You have given a lot of analogies of boats that are true with RVs and travel trailers. Class A's are like large sails in the wind to some extent and backing a trailer in a camp site can be like docking a boat. There may not be a current to fight, but there sure have been a lot of times I have pulled forward and started over to get into tight camp sites! I believe Wally Byam (founder of Airstream) loved ships and the ocean as much as he loved camping. Many of the models produced during his lifetime were named after ships: Trade Wind, Flying Cloud (the name has been resurrected), Wee Wind, Clipper, etc., and the Land Yacht series.

Speaking of Flying Cloud. Airstream has renamed the Safari model line as the Flying Cloud (the name speaks to you doesn't it). Unless they up the price to go with the new name, this model line is very affordable (did I say that about a new Airstream! ) and they are also good on weight. The two most popular models are the 25 and 27 foot front bedroom plans. Your 1/2 truck should handle either very well. You would know one of them is behind you in the mountains, but the truck would do fine most every where you go and might be a good place to start. Later you can trade for a 3/4 ton if you are dissatisfied with your towing experience.

I know a lady that started her Airstream career in her mid-60's as a solo camper. She had never towed anything before she bought her Airstream but she backs in by herself and hitches up her weight distribution system without any help (she isn't as big as a minute as we would say in the South). She has her cats for company and drives a 3/4 ton Suburban and loves her new lifestyle. She, too, is living large out west now work camping in her beloved 1997 28' Airstream.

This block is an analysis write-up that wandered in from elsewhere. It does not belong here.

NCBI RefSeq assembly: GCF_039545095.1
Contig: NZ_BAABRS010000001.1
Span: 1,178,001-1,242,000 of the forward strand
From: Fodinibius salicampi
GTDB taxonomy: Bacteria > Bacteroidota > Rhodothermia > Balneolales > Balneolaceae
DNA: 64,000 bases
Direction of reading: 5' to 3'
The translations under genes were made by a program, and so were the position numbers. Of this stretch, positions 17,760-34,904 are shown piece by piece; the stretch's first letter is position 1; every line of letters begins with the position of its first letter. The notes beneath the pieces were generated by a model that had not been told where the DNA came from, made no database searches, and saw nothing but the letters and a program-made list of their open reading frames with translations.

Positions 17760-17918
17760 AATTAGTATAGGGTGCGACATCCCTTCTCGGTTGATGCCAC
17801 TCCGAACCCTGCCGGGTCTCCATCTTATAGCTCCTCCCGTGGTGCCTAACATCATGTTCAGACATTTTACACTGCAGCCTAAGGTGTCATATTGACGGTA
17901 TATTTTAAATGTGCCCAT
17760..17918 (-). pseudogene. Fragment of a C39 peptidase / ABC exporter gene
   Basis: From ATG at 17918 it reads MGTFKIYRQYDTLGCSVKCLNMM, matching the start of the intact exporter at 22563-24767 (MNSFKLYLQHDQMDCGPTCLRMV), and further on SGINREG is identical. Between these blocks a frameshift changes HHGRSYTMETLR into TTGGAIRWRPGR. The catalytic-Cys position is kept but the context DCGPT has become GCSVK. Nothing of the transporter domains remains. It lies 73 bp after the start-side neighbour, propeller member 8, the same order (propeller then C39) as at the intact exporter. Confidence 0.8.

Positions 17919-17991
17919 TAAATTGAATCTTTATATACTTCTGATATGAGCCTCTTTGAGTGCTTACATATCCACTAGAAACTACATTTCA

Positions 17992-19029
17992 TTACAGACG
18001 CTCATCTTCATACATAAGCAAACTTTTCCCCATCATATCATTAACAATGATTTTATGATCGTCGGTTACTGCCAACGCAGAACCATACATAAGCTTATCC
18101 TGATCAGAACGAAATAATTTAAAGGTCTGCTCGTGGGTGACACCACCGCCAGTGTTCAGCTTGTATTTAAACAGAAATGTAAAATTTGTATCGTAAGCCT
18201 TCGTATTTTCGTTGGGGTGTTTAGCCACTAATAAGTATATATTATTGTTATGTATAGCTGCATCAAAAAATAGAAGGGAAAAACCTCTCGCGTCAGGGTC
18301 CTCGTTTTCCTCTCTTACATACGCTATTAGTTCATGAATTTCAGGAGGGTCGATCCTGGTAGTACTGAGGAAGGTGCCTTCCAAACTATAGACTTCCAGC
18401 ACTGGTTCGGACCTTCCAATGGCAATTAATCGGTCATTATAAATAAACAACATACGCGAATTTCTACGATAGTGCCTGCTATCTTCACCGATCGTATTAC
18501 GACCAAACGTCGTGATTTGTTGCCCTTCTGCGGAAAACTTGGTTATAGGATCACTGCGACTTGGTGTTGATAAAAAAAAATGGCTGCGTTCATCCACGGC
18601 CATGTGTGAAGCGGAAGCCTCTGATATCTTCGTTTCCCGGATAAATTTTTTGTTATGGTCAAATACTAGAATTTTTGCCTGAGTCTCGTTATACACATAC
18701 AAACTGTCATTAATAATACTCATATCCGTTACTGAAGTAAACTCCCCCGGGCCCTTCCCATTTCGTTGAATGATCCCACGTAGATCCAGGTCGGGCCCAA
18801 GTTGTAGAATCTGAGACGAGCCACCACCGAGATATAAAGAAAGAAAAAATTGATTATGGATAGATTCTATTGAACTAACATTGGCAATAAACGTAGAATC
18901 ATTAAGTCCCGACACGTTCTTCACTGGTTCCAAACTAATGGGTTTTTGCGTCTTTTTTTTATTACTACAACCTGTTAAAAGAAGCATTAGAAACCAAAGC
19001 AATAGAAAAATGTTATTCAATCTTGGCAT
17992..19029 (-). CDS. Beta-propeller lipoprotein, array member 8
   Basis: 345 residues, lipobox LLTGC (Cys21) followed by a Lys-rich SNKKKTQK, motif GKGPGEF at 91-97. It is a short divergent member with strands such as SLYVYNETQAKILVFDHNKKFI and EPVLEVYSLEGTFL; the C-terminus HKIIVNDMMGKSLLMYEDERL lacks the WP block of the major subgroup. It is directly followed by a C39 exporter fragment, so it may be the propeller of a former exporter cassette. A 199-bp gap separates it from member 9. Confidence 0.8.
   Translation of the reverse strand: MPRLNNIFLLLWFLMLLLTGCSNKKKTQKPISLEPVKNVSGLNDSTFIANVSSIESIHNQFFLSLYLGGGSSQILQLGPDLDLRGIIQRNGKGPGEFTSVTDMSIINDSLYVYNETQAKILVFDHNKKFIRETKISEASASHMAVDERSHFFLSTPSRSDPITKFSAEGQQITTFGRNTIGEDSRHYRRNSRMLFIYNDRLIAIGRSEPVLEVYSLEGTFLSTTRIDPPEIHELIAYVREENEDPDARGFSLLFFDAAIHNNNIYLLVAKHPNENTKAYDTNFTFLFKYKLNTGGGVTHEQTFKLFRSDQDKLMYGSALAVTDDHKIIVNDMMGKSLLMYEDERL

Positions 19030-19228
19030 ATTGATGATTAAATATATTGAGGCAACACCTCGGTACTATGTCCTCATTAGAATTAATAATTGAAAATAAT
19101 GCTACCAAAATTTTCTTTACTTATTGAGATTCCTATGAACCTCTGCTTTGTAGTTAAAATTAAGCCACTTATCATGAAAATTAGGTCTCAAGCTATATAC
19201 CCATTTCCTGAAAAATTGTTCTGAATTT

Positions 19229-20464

The advise about picking your Airstream first and your tow vehicle second is sound advise. You will have the Airstream way longer than you will have any tow vehicle. As I said earlier, your truck should do fine with the 25' or 27' Flying Cloud/Safari as a start. If you really feel under powered you can look at a different truck then. As long as fuel prices are what they are, you will be able to find good deals on large trucks. If you decide to go 3/4 ton, you won't have to go diesel. You would be fine with one of the larger gasers. I am totally unfamiliar with GM products because I haven't had one in more than 20 years (literally) but I do know Fords for example and Ford's 5.4L V-8 in the Expedition (what my wife has) or F-150 would handle our 30' Safari and would handle anything in the Safari/Flying Cloud line. If you go 3/4 ton, Ford offers the same V-8 and a V-10. The V-10 would give you pretty much the same tow capacity and as good or maybe a slightly better fuel economy as the diesel at a less expensive per gallon cost and at a less expensive purchase price. I'm sure GM has the equivalent in its line up, I just don't know the details, but I'm sure someone on this thread does and can help you if you prefer the GM product line.